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Л.П. Христорождественская Unit II.doc
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The Escape

I always believed that if a woman made up her mind to marry a man, nothing but immediate escape could save him.

Once a friend of mine, understanding this, decided to go on a jour­ney for some time. So he got aboard the ship, with only a tooth-brush as his luggage and spent a year travelling round the world. He thought that the girl would forget him — out of sight, out of mind.

But when he landed at the port, the first person he saw was the little lady from whom he had fled.

And only once I knew a man who managed to escape. His name was Roger Charing. He fell in love with Ruth Barlow at first sight. She was a dark-eyed, fair-haired little lady. When Roger told me that he wanted to marry her I wished him happiness.

'I hope you'll be good friends,' he said. 'You do like her, don't you?' 'Yes,' I said. I couldn't say less. I considered her stupid but I couldn't tell Roger about it. Roger introduced her to his friends, he took her everywhere. Their marriage was fixed for the near future. Then, all of a sudden, he fell out of love. I didn't know why. Maybe he understood that Ruth had made up her mind to marry him for his money. But he knew that she wouldn't release him if he simply asked her. So he thought of a plan. He didn't show Ruth that his attitude towards her had changed. He sent her flowers, they dined together and went to the theatre together. They had made up their

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minds that they would be married as soon as they found a house that suited them. And they started looking for it. They visited house after house but always Roger found a fault that made the house unsuitable. Sometimes they were too small or too large or too expensive or too gloomy.

Ruth began to grow tired. They looked at hundreds of houses and Ruth felt worn out. Once she said angrily, 'If you can't find a house soon I won't marry you.' 'Don't say that,' answered Roger. 'We are sure to find a proper house and in less than no time we'll get married.'

They had been looking for a house for two years. Finally Ruth was dead tired. 'Do you want to marry me or don't you?' she asked. 'Oh, of course, I do,' was the cheerful answer. But Ruth did not feel well enough to look at any more houses. She didn't want to see Roger.

In a week he got a letter. T don't think you really love me. So I have found a man who will take good care of me and I'll be married to him today. Ruth.'

Soon she got a letter from Roger, T am very unhappy, but the most important thing for me is your happiness. I am sending you several ad­dresses and I am sure that you' 11 find among them a decent house. Roger.'

How We Kept Mother's Day

(after Stephen Leacock)

I think it's a very good idea to celebrate once a year 'Mother's Day'. So we decided to have a special celebration of Mother's Day. We thought it a fine idea.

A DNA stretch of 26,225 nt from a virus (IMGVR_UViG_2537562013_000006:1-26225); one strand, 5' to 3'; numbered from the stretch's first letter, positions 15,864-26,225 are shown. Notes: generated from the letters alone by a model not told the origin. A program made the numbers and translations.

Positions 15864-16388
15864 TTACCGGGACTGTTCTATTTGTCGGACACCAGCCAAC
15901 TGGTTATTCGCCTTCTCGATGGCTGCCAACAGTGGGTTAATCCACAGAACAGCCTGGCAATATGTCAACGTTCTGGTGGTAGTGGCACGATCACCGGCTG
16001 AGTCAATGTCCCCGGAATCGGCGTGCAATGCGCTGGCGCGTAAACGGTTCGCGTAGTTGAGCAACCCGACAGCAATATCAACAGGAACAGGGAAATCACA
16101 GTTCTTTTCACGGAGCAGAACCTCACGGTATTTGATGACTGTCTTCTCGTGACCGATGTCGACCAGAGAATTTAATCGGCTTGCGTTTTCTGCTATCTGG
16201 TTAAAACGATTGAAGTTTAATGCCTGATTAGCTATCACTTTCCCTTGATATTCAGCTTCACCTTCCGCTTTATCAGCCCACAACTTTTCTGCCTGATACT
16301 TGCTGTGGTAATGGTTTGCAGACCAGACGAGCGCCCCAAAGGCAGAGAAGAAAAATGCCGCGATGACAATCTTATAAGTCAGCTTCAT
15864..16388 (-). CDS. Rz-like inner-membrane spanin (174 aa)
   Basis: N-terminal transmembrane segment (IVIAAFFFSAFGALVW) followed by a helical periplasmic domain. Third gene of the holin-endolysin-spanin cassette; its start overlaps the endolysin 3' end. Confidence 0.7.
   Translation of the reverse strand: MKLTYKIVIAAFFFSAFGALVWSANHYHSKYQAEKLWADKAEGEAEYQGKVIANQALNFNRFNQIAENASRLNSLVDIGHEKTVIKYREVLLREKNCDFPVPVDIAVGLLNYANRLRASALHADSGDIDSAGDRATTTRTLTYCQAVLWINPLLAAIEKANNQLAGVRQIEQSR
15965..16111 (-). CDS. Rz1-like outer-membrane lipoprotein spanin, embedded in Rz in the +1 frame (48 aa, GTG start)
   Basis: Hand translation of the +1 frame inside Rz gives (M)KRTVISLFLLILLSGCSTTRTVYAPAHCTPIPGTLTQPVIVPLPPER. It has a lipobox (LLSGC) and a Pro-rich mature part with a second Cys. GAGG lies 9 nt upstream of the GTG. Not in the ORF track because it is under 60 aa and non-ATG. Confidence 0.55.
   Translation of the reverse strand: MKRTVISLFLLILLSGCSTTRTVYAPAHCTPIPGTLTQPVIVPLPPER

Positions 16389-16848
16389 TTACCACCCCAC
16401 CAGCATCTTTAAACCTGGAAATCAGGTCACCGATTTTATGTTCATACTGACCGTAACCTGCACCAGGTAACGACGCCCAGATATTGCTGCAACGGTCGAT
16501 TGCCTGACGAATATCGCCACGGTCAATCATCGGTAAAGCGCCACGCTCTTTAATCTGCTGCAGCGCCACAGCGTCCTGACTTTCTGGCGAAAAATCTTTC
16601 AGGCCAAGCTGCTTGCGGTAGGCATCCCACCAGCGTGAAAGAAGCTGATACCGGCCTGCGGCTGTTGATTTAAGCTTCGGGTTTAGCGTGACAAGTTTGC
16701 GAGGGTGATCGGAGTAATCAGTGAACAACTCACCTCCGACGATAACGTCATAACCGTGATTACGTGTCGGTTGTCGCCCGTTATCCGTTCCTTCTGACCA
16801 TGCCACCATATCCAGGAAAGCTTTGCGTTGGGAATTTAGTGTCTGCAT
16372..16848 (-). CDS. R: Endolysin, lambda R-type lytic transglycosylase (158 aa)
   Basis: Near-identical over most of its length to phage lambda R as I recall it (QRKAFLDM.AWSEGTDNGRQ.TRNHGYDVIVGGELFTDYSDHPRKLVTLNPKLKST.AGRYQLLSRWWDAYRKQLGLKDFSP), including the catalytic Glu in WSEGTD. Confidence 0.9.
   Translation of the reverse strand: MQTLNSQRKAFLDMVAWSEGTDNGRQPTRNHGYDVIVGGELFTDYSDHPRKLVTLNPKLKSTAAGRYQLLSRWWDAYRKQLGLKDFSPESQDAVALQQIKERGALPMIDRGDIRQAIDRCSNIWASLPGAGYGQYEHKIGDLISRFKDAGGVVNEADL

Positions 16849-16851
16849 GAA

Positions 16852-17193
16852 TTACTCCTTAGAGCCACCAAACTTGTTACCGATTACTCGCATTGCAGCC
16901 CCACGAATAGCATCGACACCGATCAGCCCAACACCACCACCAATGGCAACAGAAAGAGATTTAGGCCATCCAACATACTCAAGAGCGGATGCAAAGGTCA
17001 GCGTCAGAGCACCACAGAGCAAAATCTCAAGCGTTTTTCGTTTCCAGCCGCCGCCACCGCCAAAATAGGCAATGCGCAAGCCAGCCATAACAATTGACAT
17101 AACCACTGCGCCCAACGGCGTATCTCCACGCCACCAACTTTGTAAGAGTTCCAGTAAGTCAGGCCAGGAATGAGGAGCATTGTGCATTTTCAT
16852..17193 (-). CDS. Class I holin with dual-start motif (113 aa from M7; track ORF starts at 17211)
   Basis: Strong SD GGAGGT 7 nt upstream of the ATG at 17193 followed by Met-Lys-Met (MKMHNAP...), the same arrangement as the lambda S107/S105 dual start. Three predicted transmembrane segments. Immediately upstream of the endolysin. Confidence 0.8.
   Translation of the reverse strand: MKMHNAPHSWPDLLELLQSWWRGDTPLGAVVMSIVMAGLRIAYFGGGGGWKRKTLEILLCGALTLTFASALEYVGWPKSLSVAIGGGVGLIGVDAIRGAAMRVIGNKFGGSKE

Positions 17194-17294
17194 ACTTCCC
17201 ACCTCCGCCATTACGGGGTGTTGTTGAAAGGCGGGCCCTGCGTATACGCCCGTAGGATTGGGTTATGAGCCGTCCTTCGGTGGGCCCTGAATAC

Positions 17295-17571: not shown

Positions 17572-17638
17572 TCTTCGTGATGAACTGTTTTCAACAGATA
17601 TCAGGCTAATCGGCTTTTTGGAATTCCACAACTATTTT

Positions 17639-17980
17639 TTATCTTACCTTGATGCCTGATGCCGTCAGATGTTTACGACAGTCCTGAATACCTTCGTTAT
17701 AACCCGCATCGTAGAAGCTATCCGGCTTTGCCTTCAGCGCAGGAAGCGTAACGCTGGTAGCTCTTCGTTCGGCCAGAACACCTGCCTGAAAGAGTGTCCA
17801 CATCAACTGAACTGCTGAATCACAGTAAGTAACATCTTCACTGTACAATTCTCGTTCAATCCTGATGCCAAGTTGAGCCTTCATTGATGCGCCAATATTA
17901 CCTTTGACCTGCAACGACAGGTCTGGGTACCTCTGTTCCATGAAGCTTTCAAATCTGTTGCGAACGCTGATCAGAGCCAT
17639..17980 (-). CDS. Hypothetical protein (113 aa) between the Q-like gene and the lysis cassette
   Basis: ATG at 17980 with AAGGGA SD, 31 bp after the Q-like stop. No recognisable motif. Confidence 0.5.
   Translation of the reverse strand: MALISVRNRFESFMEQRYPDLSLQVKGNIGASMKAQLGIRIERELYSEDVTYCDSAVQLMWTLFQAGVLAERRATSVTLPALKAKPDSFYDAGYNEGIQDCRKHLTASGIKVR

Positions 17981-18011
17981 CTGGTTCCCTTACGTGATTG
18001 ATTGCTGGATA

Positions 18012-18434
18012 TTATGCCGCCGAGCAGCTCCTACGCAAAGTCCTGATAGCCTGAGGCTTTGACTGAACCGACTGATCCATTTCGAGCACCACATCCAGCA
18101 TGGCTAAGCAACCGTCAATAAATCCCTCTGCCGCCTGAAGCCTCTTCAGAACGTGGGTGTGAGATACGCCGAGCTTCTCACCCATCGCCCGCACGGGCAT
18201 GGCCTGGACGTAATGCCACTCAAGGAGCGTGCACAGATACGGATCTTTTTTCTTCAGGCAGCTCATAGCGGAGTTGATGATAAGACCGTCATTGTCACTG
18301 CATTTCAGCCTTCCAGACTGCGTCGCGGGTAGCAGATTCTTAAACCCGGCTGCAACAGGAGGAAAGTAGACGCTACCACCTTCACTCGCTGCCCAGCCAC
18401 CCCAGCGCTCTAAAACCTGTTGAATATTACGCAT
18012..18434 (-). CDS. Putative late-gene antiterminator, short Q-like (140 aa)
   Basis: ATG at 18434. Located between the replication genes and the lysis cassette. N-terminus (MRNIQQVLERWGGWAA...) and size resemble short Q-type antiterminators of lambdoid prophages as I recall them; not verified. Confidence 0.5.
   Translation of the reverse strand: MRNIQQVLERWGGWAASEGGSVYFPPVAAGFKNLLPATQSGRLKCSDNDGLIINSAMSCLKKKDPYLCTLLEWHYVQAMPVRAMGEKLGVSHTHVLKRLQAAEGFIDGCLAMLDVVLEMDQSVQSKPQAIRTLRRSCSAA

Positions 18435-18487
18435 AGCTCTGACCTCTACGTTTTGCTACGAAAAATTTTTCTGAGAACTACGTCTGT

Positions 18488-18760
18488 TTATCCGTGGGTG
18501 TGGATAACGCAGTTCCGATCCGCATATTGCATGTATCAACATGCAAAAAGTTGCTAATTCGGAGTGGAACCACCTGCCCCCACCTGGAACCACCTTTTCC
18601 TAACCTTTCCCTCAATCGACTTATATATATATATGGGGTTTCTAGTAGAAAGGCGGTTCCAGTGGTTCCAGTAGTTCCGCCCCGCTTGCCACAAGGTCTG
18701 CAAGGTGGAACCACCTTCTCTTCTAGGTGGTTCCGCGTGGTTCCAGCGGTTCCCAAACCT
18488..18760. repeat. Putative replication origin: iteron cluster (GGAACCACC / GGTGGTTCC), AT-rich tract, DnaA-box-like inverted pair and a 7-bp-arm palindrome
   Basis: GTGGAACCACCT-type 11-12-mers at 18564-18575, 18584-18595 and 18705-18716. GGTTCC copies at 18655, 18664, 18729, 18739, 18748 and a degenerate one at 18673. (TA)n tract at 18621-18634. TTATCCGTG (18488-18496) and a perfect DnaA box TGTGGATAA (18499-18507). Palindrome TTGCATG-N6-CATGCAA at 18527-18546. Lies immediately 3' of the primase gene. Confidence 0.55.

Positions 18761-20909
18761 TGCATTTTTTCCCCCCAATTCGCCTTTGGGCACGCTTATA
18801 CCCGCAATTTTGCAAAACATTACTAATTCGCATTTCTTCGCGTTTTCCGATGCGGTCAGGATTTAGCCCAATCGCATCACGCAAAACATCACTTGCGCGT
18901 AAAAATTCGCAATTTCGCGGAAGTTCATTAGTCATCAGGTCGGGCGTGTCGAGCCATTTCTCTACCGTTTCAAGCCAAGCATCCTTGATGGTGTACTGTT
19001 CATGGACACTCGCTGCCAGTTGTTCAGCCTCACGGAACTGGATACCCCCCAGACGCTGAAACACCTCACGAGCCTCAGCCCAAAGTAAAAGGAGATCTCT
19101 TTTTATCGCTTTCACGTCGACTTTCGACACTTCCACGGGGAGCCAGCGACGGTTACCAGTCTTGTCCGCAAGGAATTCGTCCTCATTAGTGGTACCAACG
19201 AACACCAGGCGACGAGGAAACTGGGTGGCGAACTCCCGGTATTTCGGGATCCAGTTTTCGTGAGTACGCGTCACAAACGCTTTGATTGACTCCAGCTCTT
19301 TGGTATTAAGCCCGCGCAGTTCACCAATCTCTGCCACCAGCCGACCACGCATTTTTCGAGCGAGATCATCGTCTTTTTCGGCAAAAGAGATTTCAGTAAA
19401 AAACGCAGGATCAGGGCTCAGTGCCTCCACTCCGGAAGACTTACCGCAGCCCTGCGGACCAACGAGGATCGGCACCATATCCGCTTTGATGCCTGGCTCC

We decided to make it a great day, a holiday for all the family and a happy day for our Mother. Father decided to take a holiday from his office, my sister Anne and I stayed home from college classes, and Mary and my brother Will stayed home from High School.

Our plan was to make the day just like any big holiday. So we decided to decorate the house with flowers. We asked Mother to arrange the dec­orations because she always does it on holidays. The two girls wanted to dress in their very best for such a big occasion, and so they both got new hats. Mother trimmed both the hats and they looked fine. Father had bought new ties for himself and us boys. We wanted to buy a new hat for Mother too, but she said she liked her old grey hat better than a new one, and both the girls said that it was awfully becoming to her.

Well, after breakfast we decided to hire a car and take Mother for a beautiful drive away into the country. Mother is hardly ever able to go to the country because she is busy in the house nearly all the time.

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But on the very morning of the day we changed the plan a little bit. Father decided to take mother fishing. It turned out that he had just got a new rod the day before and he said that Mother could use it too.

Well, when the car came to the door, we saw that there was no room in it for us all. Father said he could stay at home and work in the garden though he hadn't had a real holiday for three years. Of course we didn't want to let Father stay at home. Then the two girls Anne and Mary said that they could stay at home and help the maid to cook. Only it was such a pity to stay at home on such a fine day. As to us boys, we couldn't cook. So in the end it was decided that Mother would stay home and just have a lovely restful day round the house, and get the dinner. It turned out anyway that Mother didn't care for fishing, and also it was just a little bit cold and fresh out of doors, though it was lovely and sunny, and Father was afraid that Mother might catch cold if she came. So we said goodbye to Mother and drove away.

Well, we had a very happy day up among the hills. Father caught a lot offish. Will and I fished too but were not so lucky. The two girls met a lot of people that they knew. So we all had a good time.

It was quite late when we came back, about seven o'clock in the evening. Mother had kept the dinner ready and hot for us. The dinner was like on New Year's Day. Mother had to get up many times during the meal fetching things back and forward.